While there is no answer in the short-term to Auckland’s housing shortage, high prices, and restricted choice, there is also no need for concerns about long-term solutions being found.
As a community we simply invested too little in housing development from the mid-1990s to the mid-2000s – a time when the population was starting to grow rapidly – and the result is something we have to live with for some time to come.
However, looking out a decade from now the picture around Auckland’s commercial future and housing supply is far from gloomy.
Already under construction, and in the planning pipeline, is a whole string of housing initiatives that will at least allow the City to keep pace with its growing pains, and eventually start to eat into the accommodation log jam.
There is a real commitment on the part of Auckland City, the Government, and developers to do whatever it takes to build more homes, and within reason keep costs within the means of working families.
What I find encouraging is that although decision makers are under extreme pressure to fast track new developments, there remains a commitment to ensuring the planning around the big projects – the ones that are game changers to easing supply – are focused on creating what are ‘master planned communities’.
These are developments that have at their heart a community focal point, incorporating schools, medical centres, local shopping, public transport links, parks, restaurants, and leisure amenities.
Rather than simply being a sea of suburban homes, they are clusters within which a sense of neighbourly community can develop.
Architects and planners are intermingling low rise apartments, town houses, and duplexes with traditional stand-alone homes.
These developments are taking place right across the isthmus.
To the south, Flat Bush is being planned as a new regional hub that will, within the next 10 years, house 36,000 people.
At the northern end of the city limits, some 2,500 homes are being developed at Long Bay, while to the west 3,000 homes are under construction or planned for Hobsonville Point.
Only 8km from the city centre is Stonefields, which is well on the way to seeing a former quarry site converted into a 2,900-home master planned community.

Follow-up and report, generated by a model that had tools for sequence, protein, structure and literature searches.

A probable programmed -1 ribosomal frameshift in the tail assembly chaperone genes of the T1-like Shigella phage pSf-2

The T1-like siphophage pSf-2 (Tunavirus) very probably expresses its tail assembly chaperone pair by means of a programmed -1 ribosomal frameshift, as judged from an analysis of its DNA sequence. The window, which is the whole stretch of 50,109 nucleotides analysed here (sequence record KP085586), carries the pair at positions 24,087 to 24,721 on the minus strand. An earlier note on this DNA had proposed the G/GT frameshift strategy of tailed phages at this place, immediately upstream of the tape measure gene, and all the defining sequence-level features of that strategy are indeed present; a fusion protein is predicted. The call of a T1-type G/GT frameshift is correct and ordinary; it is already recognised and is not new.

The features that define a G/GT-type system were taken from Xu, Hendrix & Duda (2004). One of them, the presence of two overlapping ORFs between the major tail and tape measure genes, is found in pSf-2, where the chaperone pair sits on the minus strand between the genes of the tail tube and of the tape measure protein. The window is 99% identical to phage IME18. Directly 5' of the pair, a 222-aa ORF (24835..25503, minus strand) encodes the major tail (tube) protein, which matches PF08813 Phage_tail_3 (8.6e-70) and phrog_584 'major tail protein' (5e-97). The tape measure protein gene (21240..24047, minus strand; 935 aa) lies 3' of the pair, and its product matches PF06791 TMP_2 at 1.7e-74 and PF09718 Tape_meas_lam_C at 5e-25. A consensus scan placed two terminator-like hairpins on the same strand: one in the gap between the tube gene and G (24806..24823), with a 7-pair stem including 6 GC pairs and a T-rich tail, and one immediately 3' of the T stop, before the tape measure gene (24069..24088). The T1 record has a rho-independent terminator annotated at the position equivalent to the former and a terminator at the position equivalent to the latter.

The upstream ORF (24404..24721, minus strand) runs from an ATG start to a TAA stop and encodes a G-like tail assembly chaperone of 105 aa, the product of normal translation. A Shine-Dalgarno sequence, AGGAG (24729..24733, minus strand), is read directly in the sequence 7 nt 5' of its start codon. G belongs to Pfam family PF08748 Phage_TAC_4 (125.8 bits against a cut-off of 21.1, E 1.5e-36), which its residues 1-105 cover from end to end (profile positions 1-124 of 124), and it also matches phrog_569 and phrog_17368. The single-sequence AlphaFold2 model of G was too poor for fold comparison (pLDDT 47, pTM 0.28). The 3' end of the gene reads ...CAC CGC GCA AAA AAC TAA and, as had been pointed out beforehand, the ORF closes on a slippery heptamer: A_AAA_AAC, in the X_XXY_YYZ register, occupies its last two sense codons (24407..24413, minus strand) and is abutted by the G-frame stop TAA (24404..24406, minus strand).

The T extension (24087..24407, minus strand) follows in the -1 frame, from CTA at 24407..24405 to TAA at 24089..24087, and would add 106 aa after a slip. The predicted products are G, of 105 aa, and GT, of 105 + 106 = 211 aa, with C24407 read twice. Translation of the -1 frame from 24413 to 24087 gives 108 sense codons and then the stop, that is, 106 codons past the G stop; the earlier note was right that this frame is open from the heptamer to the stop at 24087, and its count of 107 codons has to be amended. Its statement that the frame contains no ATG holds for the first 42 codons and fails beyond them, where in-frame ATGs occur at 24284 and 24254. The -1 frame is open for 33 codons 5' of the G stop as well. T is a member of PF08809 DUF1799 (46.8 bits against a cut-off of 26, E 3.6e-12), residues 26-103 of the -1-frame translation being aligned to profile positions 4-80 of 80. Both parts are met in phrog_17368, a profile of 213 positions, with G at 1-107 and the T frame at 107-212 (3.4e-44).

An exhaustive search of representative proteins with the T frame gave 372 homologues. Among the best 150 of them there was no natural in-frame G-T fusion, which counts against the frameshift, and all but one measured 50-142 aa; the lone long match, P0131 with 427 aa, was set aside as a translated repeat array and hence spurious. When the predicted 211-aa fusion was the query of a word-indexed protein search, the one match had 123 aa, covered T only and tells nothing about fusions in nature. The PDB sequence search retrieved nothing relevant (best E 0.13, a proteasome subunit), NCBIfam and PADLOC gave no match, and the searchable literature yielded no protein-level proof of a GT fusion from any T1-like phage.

In Papakura, upwards of 500 ‘affordable’ homes are planned at McLennan Park, which will transform the former Army base into a mixed community of social housing, private homes, and houses reserved for first time buyers.
Within the city itself, next month the first sod will be turned in what will ultimately see the old Tank Farm revitalised into a world class, inner city waterfront village.
Renamed the Wynyard Quarter, the plan for this area over the next 10 years is to convert this once industrial site into a village community of some 1,000 people living in 17 buildings linked by boulevards, pedestrian lanes and shopping precincts. These buildings will be on leasehold land owned by the Council, and the developers are the renowned New Zealand based firm of Willis Bond, which specialises in high-end projects.
Already, Willis Bond has sold off the plans half the residential properties within the first two buildings that will available for occupation in 2017.
The Wynyard Quarter is destined to become the residential heart of the inner city, located as it is within strolling distance of the Viaduct Harbour, Queen Street, Victoria Park, and the commercial buildings that serve as head office to many of the country’s most substantial companies.
Without doubt as a City we are going through some challenging growing pains.
On top of the intense housing development, the central business district is in for major development work in the form of the construction of the city-block sized convention centre, the start of the $2.4 billion City Rail Link between Britomart and Mt Eden, and massive new tower blocks at Downtown, Mills Lane, and Albert Street.
Our City is undergoing a massive transformation that is being backed by investment from the Council, the government, and developers.
We truly are on a path to becoming a Super City.
Peter Thompson, Managing Director, Barfoot & Thompson
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